Assist the people in need and work for a just peace in Iraq and the Middle East
The war in Iraq demonstrates a tragic failure of international diplomacy. U.S.-led military intervention began without the consent of the UN Security Council, ignoring the warning of a big part of the diplomatic world, civil society, churches and other faith communities worldwide. The Holy See has condemned the policy of “pre-emptive war”. Non-violent means to solve the conflict were far from exhausted. The disarmament of Iraq could have been achieved without war. Weapon inspectors have not been given enough time to finish their work. This war is politically dangerous, culturally unwise and discounts the growing importance of religion and culture for the political identification of many people. Other urgent concerns also rise to the fore.
Most importantly, attacking military forces must seek to ensure that civilian casualties are minimised and that the oppressed citizens of Iraq re-inherit their country once the conflict has ended, hopefully in the very near future.
All parties in the conflict should uphold the standards of international humanitarian law. The allied forces should keep the standards of international conduct that they are seeking to enforce. This requires the maximum discretion in the application of aggressive military action. For example, the use of cluster bombs should be forbidden and the targeting of public utilities prohibited. Weapons already banned under international law, such as chemical incapacitating agents or chemical riot-control agents, must likewise be prohibited. Such use would significantly undermine the Chemical Weapons Convention as well as the very international norms the U.S. and Britain seek to uphold. Of course, the ban on any use of chemical or biological weapons equally applies to the Iraqi military, which has already been warned that any such use will be regarded as a war crime.
Sufficient resources should be devoted to dealing with the inevitable humanitarian consequences of this war. These resources should come not only from the US led coalition, but also from those states that opposed military action. Intergovernmental and non-governmental organisations must have the necessary resources and access to the people in need to meet the humanitarian challenges in Iraq and surrounding countries.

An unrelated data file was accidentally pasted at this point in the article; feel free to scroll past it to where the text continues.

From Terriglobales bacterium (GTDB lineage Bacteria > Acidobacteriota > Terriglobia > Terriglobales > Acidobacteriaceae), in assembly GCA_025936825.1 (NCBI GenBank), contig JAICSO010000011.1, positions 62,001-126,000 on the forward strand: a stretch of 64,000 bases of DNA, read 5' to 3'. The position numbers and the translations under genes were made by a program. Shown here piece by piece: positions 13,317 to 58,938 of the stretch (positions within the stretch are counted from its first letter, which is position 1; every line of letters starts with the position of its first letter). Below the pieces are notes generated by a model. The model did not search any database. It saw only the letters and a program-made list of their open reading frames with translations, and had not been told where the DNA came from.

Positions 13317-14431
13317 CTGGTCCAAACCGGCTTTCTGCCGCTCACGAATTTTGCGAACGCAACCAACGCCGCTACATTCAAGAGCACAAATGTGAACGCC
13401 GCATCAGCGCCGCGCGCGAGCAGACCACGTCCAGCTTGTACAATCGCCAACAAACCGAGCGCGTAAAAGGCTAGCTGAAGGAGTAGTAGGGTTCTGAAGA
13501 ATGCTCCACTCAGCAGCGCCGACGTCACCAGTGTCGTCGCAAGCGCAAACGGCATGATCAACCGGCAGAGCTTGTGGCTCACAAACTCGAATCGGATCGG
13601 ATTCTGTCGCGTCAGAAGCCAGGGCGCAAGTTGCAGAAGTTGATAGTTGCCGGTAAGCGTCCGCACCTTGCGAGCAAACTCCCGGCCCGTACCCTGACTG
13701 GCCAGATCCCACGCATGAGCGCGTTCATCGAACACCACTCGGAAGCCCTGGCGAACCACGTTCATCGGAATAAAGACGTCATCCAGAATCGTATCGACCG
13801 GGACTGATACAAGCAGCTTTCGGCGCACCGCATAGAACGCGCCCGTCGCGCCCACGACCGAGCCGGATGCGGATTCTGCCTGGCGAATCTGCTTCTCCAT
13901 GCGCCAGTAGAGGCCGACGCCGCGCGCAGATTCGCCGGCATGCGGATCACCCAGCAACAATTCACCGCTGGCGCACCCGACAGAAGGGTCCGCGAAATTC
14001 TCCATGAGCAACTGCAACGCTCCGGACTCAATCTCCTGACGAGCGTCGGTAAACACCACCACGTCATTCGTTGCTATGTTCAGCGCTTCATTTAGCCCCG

Any political framework that is developed by Iraqi constituents and the international community must be just and minimise the risk of civil war. This process will also require effective engagement with Iraq’s immediate neighbours to assure their own national security. Policy towards Iraq must also be pursued in tandem with much greater and even-handed diplomatic efforts to secure peace in the Middle East overall. Policy towards the Middle East has been inconsistent, and the implementation of a comprehensive plan for a sustainable peace in respect to Israel and Palestine must now become a high priority.
Pax Christi International urges all governments to assist the people in need in Iraq and to create conditions for a just, sustainable and comprehensive peace in Iraq and the Middle East. We call on all parties in the conflict to respect international humanitarian law. Pax Christi International and its national partners will continue their efforts to stop the war, to give assistance to those in need and to cooperate with people of other faiths, especially Muslims, to restore confidence and trust between nations.
Brussels, 26 March 2003